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Friday, December 13, 2002


art
ANDREW SHIMABUKU / KENNEDY THEATRE
In the modern Kyogen work, "The Washing River," a henpecked husband (Chihiro Hosono, left) is pushed to dupe his overbearing wife (Danel Verdugo).




Cultural gap dulls
show’s laughter



"Kyogen: Laughter for All Time": Repeats 8 p.m. tonight and tomorrow, and 2 p.m. Sunday at the University of Hawaii-Manoa Kennedy Theatre Mainstage. Tickets $12 general; $10 for seniors, military, UH faculty and staff; $8 for non-UH students; $3 for UH students with fall ID. Call 956-7655. A pre-show discussion of kyogen theater will take place an hour before tomorrow's performance.


Review by John Berger
mailto:jberger@starbulletin.com?subject=http://starbulletin.com/2002/12/13/

Form prevails over comic content in Kennedy Theatre's ambitious cross-cultural Mainstage production of "Kyogen: Laughter for All Time."

Director-translator Julie Iezzi offers Honolulu an entertaining introduction to a form of Japanese theater said to be less formal and stylized than noh or kabuki. Perhaps something is lost in the translation, but the actors' movements and their sing-song English-spoken-as-if-it-was-Japanese delivery seemed stylized on opening night.

Each of the three short stories was darker than the one before it. The second two leave questions for local audiences unfamiliar with Japanese culture.

The first story is the most accessible. "Tied to a Pole" follows the antics of two scheming servants trying to get into their master's sake cellar. Their problem is that Jiro Kaja (Cristian Ellauri) has his arms tied to a long pole, scarecrow style, and Taro Kaja (Chi Ho Law) has his hands tied behind his back. Jiro Kaja can move his hands sufficiently to open the cellar door and decant sake into a bowl, but the only way he can get a drink is if Taro Kaja holds the bowl for him. Conversely, Taro Kaja can't get at the sake without Jiro Kaja's help.

The physical comedy created by the two in portraying the increasingly inebriated sake-sippers is the clearest comic material in the show. D. Omar Willams adds to the interplay as the clever master who plays a trick or two on the drunks.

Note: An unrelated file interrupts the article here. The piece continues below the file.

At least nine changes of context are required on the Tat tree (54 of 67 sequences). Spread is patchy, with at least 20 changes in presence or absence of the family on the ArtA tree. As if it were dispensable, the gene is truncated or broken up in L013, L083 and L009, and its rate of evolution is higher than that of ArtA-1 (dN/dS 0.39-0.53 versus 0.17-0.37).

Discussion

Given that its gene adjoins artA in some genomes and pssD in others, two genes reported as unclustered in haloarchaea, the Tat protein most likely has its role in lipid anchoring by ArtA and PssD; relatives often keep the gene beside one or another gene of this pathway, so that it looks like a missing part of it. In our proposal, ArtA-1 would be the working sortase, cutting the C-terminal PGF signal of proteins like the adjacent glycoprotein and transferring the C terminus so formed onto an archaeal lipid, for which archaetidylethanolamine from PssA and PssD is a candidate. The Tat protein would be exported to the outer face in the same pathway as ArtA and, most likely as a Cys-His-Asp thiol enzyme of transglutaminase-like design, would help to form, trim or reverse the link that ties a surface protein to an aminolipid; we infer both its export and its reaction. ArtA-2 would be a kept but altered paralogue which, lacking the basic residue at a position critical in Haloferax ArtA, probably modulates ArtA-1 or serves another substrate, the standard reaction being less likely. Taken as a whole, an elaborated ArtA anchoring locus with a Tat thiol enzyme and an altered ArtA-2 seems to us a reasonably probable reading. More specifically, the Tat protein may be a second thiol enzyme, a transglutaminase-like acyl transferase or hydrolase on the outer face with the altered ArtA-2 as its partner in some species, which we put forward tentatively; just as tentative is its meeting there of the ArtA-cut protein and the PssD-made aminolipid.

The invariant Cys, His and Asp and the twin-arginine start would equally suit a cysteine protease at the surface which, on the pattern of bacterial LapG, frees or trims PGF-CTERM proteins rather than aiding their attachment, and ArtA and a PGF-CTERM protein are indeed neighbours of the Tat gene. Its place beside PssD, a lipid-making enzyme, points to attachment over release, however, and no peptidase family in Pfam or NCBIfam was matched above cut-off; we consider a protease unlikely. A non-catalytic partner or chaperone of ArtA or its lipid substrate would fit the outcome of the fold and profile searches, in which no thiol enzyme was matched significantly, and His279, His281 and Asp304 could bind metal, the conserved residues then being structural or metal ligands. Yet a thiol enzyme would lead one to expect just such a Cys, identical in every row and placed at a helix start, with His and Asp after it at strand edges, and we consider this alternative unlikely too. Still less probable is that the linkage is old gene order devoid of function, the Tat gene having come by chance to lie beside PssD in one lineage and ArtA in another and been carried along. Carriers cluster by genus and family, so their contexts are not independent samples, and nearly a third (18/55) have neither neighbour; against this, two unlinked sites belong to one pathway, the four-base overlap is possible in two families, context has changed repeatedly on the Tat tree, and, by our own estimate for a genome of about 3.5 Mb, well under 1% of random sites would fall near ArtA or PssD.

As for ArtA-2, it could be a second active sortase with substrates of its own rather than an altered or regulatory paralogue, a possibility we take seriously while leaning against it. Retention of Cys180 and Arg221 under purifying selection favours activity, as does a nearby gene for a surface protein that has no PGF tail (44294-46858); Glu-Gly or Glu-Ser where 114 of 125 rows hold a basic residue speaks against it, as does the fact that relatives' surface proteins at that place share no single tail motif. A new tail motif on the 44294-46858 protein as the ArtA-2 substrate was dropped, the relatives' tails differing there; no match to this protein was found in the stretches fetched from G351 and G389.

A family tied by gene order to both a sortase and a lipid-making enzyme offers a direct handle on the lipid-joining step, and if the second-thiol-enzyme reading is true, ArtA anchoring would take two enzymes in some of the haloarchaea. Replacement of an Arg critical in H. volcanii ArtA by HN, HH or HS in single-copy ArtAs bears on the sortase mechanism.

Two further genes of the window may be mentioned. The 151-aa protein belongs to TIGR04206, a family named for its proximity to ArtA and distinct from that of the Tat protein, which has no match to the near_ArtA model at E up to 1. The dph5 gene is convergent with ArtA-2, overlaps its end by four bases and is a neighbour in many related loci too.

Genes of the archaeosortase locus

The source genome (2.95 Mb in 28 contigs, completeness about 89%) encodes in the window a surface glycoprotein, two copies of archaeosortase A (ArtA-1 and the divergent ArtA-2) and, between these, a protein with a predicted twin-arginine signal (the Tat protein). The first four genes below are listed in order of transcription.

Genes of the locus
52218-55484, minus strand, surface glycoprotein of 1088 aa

The second story, "The Snail," is a one-joke sketch in which a dimwitted servant (Carolyn Sara Covalt) mistakes a priest (Colleen Lanki) for a snail, and the priest goes along with the ruse for reasons that are never revealed. Eventually, the servant's master (Jennifer Goodlander) arrives and the story ends oddly. To say more would spoil the surprise.

"The Washing River," adapted by director-translator Iezzi and cast members, is the longest and darkest of all. A henpecked husband (Megan Evans), who toils dawn to dusk as the servant of his abusive wife (Hui-Mei Chang) and mother-in-law (Eunsook Kim), finally asks his tormentors to write down all his chores so that he won't forget them. He then has the two women confirm that everything he is required to do is on the list. They do.

So when wifey "accidentally" falls in the river, he checks the list with agonizing slowness and informs his desperate mother-in-law that pulling his wife out of the river isn't on the list. Sorry about that!

Only after his mother-in-law agrees to release him from servitude does the husband pull his wife out of the freezing water -- and she promptly starts abusing him again.

Kim gave a crowd-pleasing performance as the feisty, physically challenged mother-in-law, and Chang played out the wife's near drowning in great comic style as well. (Iezzi double-cast all the roles except Kim as the mother-in-law. This cast returns tomorrow and Sunday.)

Perhaps it's a mistake to expect kyogen's humor to be universal. Taken simply as theater, the actors' stylized performances entertain. Ellauri and Law as the drunken servants, Covalt as the good-natured gullible snail hunter, and Evans as the abused husband forced to wash foul-smelling clothes in a freezing river are particularly expressive. And, while it's insensitive to find humor in the physically challenged, Kim brought down the house on opening night.

The costumes are beautiful, Kelly Berry's minimalist set with its giant bonsai pine is elegant in its simplicity, and James M. Davenport adds to the impact of Kim's comic performance with a striking mask.

"Kyogen: Laughter for All Time" is worth seeing as an introduction to Japanese theater in translation, but it certainly isn't all laughs.



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